By Curt Peterson
The Windsor Central Unified Union School District policy committee experienced a “Robert Frost moment” Monday night, as deliberators found themselves at a divergence of “two roads,” trying to decide which one to follow.
Committee member Kelly Welsh (Barnard) wondered if other issues, such as gender identification, social equity, economic status and religion, which are included in the policy, should be. She thought it might be confusing to the public.
“I wouldn’t go to the anti-racism policy to find information on those issues,” she said.
The committee felt they were faced with two choices — to continue the policy’s all-inclusiveness and rename it, or to create two policies, one specifically covering anti-racism, and another regarding the other equity issues.
Director of Instructional Support Services Gina Rocque was presenting the draft version of the anti-racism policy, a project in the works since November 2020, for committee review. She said her task force would revisit the policy and decide how to handle the “two roads” choice, then bring it back to the policy committee for review before taking it to the full board.
In November 2020 the board engaged Areille King and Jameson Davis, co-founders of Writing Wrongs, to manage the anti-racism policy development project. King and Davis, both students at Vermont Law School, describe their experiences growing up as people of color as informing their work.
They could have joined the Black Lives Matter protests of the time, but, as King told the Mountain Times, “We decided we would create something that would help actualize and effectuate the goals of the protests instead.”
“Accessing Writing Wrongs brings individuals of color with diverse experiences to the development of this policy so we are not bringing biases to the conversation,” district superintendent Sherry Sousa wrote in a 2020 email.
According to Sousa, “Davis and King incorporated the all-inclusive language in their draft anti-racism policy. [Other] consultants who are informing our [diversity, equity and inclusion] work do not see this as an issue, but a conversation with the board regarding that concern is important.”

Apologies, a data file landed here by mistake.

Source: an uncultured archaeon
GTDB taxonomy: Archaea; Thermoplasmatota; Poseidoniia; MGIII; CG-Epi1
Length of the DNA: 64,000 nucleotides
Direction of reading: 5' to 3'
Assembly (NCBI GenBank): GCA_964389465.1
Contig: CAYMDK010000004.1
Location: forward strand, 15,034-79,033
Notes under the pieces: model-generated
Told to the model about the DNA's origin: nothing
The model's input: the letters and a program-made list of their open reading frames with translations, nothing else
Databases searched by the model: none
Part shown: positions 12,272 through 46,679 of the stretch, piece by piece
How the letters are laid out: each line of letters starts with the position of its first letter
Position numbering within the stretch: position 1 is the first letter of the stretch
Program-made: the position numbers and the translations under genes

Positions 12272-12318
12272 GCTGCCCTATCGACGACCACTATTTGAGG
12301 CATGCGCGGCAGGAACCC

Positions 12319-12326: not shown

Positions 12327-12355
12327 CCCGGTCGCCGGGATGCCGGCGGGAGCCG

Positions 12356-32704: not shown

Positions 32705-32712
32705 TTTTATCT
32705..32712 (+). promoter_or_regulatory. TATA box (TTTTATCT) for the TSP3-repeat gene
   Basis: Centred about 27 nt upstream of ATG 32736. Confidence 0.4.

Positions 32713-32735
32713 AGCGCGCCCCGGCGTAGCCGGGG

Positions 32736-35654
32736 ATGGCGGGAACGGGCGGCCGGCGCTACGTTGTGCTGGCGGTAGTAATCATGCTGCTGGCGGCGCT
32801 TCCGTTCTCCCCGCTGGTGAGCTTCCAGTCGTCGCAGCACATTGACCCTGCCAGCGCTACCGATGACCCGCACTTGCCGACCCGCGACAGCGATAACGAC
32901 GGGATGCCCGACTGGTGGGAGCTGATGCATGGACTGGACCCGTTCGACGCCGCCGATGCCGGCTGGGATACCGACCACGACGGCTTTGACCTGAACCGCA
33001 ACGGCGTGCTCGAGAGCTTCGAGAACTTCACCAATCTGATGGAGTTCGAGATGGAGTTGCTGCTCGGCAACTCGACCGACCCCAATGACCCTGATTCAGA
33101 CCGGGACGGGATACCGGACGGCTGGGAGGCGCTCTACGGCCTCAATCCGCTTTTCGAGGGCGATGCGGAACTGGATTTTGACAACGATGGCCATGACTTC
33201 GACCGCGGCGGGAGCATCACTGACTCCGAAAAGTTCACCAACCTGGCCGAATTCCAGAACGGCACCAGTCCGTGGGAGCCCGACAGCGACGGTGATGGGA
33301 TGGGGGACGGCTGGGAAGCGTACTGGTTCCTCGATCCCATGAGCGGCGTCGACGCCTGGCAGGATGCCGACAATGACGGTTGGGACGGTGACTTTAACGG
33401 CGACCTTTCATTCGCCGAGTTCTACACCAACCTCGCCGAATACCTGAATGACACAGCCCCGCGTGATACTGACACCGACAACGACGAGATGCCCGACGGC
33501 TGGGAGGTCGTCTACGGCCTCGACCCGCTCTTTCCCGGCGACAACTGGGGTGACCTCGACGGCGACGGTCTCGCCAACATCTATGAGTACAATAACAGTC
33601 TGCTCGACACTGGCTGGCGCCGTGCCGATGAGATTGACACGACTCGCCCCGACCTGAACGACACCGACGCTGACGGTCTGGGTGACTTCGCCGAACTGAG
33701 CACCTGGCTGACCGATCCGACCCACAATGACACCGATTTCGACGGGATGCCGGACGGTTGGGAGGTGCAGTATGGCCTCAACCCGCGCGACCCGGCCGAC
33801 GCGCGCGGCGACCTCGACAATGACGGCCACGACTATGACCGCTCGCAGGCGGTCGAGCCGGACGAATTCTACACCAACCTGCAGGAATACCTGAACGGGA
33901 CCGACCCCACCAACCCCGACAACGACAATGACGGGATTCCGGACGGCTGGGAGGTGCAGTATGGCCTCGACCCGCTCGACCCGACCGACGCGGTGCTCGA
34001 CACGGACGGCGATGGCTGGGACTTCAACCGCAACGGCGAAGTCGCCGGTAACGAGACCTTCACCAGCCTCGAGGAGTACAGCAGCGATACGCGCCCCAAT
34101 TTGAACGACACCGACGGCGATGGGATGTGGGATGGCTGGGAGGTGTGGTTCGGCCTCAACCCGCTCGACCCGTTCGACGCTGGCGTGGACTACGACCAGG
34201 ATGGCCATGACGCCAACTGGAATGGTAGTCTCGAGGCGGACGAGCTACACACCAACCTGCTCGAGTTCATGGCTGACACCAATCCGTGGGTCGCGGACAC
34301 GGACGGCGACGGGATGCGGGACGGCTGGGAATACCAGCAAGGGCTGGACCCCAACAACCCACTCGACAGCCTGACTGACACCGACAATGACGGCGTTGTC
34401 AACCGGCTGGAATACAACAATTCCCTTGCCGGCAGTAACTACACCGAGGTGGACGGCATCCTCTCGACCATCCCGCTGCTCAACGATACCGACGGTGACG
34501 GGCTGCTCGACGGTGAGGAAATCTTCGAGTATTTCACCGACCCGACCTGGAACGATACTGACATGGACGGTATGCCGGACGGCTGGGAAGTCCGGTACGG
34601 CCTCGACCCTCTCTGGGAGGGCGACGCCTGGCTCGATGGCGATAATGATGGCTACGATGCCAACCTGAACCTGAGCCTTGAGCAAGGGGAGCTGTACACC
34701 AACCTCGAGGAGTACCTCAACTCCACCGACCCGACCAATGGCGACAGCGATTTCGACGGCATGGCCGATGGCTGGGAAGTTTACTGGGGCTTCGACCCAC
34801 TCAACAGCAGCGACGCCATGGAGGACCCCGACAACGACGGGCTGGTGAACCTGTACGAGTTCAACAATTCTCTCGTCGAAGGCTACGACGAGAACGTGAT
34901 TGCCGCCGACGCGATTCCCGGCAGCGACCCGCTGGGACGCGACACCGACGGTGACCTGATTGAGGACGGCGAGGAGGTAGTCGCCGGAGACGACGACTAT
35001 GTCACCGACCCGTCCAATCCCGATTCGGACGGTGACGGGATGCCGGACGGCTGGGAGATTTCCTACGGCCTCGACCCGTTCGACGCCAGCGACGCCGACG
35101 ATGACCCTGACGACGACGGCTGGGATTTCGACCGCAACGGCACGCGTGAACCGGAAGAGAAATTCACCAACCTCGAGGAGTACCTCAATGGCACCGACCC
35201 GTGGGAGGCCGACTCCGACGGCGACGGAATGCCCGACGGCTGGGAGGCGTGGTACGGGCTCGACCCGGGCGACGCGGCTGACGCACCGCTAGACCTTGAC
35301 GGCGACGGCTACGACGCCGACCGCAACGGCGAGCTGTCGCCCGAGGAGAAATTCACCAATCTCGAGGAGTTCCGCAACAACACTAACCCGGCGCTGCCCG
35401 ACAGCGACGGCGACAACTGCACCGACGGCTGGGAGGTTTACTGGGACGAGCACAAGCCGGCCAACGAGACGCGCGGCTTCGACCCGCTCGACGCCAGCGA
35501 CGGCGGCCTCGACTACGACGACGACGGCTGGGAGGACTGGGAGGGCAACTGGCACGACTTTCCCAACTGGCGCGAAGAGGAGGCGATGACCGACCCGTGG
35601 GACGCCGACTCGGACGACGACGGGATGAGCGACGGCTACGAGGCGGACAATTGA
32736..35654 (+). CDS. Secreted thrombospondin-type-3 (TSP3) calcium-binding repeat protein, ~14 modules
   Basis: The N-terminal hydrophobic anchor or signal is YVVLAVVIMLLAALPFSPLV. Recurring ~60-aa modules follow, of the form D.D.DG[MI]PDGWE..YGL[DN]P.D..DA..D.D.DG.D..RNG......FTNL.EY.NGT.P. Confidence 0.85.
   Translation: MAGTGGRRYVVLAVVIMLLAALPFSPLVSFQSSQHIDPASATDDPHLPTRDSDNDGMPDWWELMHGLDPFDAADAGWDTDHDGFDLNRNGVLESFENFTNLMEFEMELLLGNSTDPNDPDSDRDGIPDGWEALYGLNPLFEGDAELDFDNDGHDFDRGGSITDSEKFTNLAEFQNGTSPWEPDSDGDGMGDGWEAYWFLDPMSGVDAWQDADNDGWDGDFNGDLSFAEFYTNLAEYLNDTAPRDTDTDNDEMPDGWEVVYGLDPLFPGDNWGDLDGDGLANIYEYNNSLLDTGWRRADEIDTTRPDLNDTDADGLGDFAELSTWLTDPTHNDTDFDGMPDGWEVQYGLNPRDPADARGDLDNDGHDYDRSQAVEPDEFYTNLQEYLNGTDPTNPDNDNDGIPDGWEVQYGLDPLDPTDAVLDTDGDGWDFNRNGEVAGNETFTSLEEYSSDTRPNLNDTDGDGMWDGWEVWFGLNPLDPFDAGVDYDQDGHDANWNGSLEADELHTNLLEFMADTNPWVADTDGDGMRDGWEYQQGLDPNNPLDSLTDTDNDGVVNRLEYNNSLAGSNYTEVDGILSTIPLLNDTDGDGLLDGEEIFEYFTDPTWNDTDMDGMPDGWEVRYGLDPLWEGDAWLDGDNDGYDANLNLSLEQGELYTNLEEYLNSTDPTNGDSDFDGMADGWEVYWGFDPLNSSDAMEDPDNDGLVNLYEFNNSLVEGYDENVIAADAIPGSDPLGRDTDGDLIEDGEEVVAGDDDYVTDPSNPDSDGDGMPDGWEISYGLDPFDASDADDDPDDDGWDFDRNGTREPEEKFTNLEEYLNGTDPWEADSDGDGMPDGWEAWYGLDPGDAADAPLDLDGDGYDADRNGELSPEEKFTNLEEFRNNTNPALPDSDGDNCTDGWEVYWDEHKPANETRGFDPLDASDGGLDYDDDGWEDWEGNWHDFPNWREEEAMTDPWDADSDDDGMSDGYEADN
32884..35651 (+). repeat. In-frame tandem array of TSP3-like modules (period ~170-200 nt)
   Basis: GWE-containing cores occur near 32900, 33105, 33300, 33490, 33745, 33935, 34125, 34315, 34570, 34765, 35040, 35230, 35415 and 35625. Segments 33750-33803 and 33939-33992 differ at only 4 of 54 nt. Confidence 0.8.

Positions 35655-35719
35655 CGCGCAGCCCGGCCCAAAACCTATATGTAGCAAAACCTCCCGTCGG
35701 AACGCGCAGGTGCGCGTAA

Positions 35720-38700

“The anti-racism policies we create are catalysts for anti-racism work, and accountability tools to ensure the work gets done — they are not a solution to racism in school districts per se,” King said.
Davis said “restorative justice” is an important issue.
“Is discipline administered equitably among all students? What infractions can earn one student a slap on the wrist, and another student serious consequences?” Davis said.
Writing Wrongs is funded by the Albert Schweitzer Fellowship program in Boston.
King and Davis gather the necessary information, and include significant stakeholders, including parents, students, faculty, administrators and alumni in the process. Rocque said her task force conducted student focus groups, for example.
“Swooping in like a helicopter, and telling schools what their problems are and what to do, doesn’t work,” King told the Mountain Times.
Davis and King projected it would take 2 1/2 months from first meeting with administrators to final policy, but it’s been a year since the district contracted with Writing Wrongs.
“The draft policy was not delivered to us until late May as Arielle and Jameson were in their last year of law school and were attending to their studies,” Sousa says. “I asked if I could gather feedback from [the stakeholders] prior to submitting it to the Policy Committee. I incorporated their feedback into the draft policy [that] was submitted to the Committee last night.”